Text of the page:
(2) Section 3111.46 of the Revised Code requires that an order finding paternity or non-paternity based on the results of genetic testing be issued and sent to parties in accordance with the Rules of Civil Procedure. In accordance with rule 5 ( 7/1/2012) of the Rules of Civil Procedure, service of the order finding paternity or non-paternity shall be made by ordinary, first class mail to the last known address of the person to be served.

(3) Section 3111.80 of the Revised Code requires that the notice of the administrative hearing to determine child support and the provision for health care is to be sent in accordance with the Rules of Civil Procedure, except to the extent that the provisions of the Rules of Civil Procedure are clearly inapplicable and except that references in the provisions of the Rules of Civil Procedure to the court or to the clerk of the court shall be construed as being references to the child support enforcement agency or the administrative officer.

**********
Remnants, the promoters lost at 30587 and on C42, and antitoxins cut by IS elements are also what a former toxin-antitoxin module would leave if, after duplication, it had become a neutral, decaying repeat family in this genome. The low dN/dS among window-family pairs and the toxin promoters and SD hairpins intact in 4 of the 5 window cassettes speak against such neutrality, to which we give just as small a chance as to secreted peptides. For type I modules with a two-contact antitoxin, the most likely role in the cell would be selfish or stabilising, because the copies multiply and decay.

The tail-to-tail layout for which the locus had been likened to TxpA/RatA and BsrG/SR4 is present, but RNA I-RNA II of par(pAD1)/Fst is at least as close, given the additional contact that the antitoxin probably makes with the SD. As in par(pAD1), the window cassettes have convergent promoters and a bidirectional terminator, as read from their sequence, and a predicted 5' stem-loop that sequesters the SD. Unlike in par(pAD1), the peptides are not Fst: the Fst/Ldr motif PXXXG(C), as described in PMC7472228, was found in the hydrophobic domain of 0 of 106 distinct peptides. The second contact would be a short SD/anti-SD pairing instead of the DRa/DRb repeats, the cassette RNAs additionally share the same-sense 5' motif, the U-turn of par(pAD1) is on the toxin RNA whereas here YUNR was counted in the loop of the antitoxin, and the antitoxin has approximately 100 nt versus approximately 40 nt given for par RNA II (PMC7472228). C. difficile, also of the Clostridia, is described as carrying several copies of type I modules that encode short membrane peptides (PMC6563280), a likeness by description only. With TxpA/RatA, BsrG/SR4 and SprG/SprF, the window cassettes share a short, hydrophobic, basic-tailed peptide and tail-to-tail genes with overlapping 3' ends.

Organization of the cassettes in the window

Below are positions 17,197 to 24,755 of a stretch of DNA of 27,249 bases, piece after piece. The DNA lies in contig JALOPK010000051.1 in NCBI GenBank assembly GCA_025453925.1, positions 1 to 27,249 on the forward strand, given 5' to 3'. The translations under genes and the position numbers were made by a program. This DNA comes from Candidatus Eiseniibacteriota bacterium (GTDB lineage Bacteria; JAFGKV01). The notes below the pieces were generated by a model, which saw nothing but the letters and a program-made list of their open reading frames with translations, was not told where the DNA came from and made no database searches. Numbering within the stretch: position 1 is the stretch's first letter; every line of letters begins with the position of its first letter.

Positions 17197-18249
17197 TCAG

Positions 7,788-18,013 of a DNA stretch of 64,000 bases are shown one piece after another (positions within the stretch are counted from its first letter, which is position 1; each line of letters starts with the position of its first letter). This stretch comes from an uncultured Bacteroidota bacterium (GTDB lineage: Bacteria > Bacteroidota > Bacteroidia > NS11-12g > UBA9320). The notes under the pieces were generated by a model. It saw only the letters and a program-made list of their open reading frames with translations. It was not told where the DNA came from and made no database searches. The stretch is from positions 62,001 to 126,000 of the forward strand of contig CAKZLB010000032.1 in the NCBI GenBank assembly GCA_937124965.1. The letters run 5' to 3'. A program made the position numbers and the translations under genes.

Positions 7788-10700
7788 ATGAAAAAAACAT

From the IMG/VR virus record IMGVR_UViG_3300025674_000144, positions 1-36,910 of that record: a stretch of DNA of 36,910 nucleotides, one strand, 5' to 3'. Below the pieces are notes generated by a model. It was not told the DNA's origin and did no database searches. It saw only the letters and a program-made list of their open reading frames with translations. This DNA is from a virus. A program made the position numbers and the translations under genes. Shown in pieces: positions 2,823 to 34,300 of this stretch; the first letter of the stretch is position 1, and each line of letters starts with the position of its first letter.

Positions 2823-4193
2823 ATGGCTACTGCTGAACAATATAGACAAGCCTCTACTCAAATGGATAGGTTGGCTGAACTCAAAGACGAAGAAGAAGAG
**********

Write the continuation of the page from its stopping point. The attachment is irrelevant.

(a) In accordance with section 3111.80 of the Revised Code, if the notice of the administrative hearing to determine child support is attached to the administrative order establishing paternity, service shall be made by ordinary, first class mail to the last known address of the person to be served as allowed by section 3111.46 of the Revised Code.

(b) In accordance with section 3111.80 of the Revised Code, if the notice of the administrative hearing to determine child support is not attached to an administrative paternity order but is instead issued as a result of a request made under section 3111.29 or 3111.78 of the Revised Code, service shall be made by certified, express, or commercial carrier mail, as evidenced by return receipt signed by any person, or by personal service.

(i) If the certified, express, or commercial carrier mail is returned to the CSEA because it was unclaimed or refused by the person to be served, the CSEA shall issue the notice and order by ordinary, first class mail to the same address to which the certified, express, or commercial carrier mail is sent.

(ii) If the certified, express, or commercial carrier mail is returned indicating the addressee is unknown or that the address is invalid, the CSEA may not use ordinary mail service but must make diligent efforts to obtain a valid address for certified mail service.